More than just call centres, it’s now professional services matched to rock bottom prices offered online. Drew Turney investigates.
Among the revolutions the internet has wrought on work in the 21st century is that of freelancing, which has expanded exponentially. Services like Guru.com and Freelancer.com add global crowdsourcing into a very potent mix. Using the bidding model now entrenched in the eBay age, they become virtual messageboards for anyone, anywhere to throw their hat into the ring.
If you’re looking for projects you might be competing with others from all four corners of the Earth in everything from logo design to script editing, Flash programming to transcription. When you’re up against the newly-educated and newly-equipped middle classes of the third world it can be thankless competing against people willing to work for a tenth (or less) of your usual rate. But if you’re on the other side of the fence it can mean a world of opportunity to drive costs down to previously unimaginable levels.
Many professionals can find themselves on both sides of the equation, facing the double-edged sword of a brave new world of competition. Good thing? Bad thing? Somewhere in between? We asked Freelancer.com CEO Matt Barrie to explain the rapidly expanding universe of virtual freelancing.
Most online outsourcing services aren’t so up front about it, but the industry seems to be about connecting western payers with workers from emerging economies.
Absolutely, we connect western businesses with freelancers who are mostly from the developing world. We’re in the 250 top websites worldwide but in Bangladesh, for example, we’re in the top 20 and get more traffic than Microsoft, Apple, Linkedin, Amazon and Bing.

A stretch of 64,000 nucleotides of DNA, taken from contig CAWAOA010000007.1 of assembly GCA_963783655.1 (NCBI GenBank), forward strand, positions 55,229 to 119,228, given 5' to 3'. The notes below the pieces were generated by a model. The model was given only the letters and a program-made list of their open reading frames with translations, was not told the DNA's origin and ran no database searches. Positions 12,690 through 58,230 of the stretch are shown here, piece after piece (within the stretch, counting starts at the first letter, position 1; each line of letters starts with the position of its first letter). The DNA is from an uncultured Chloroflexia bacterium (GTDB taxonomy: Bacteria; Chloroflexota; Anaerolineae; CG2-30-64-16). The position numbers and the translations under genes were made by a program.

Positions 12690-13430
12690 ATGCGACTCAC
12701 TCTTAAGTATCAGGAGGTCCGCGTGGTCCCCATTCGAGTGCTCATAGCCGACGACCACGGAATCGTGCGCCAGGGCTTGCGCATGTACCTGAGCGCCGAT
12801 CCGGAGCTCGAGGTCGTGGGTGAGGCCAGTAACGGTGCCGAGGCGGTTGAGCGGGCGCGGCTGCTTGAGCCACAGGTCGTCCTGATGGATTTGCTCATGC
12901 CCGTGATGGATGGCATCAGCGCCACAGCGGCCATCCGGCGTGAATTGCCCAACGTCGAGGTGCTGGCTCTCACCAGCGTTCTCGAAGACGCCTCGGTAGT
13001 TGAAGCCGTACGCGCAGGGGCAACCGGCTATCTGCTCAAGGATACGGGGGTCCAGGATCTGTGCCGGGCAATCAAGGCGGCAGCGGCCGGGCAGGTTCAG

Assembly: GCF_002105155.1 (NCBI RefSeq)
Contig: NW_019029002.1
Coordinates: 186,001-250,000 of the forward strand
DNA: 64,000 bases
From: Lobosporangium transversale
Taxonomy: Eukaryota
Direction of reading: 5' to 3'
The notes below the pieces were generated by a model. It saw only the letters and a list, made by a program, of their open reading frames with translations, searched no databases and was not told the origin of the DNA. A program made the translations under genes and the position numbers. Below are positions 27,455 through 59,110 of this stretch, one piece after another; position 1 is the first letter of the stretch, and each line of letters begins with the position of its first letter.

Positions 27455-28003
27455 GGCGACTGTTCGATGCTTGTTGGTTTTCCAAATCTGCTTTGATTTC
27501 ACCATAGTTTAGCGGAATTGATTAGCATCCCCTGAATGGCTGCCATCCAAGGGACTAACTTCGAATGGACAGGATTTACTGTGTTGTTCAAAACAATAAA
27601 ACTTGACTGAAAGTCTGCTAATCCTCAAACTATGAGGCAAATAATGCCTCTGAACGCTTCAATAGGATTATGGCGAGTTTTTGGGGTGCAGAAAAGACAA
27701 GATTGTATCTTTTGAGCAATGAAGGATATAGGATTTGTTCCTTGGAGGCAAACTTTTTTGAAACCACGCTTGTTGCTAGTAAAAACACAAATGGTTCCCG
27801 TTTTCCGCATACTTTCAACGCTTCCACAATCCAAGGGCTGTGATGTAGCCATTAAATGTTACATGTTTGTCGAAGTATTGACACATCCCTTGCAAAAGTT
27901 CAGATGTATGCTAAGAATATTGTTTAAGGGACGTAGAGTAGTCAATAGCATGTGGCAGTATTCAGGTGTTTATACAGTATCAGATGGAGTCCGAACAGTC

So if a web designer offered to design your website for $5,000 in Australia you’d probably get it done for about $500 through us. Jobs start at around $30 and average under $200.
How do you respond to critics that the whole field represents a race to the bottom as western professional are priced out of the market?
Technological progress transforms industries, disrupting jobs but creating many more. 15 years ago there were no web designers in Australia, and 10 years ago there were no SEO specialists. Now every small business needs a website and every website needs traffic. Yes, some industries will go offshore but that allows productivity in the Western world to increase. Look at US manufacturing over the last few decades. Output is always on the up but jobs have been shed because technology got better and the jobs lost were the low value, unproductive ones like those on assembly lines. It’s a win-win for everyone.
You’d probably be surprised that 70 percent of the world’s population isn’t on the Internet yet – the United Nations announced in late January the two billionth user had connected. What’s more, the average wage for those other five billion people is $10 a day or less. The first thing they’re looking to do is raise their economic circumstances.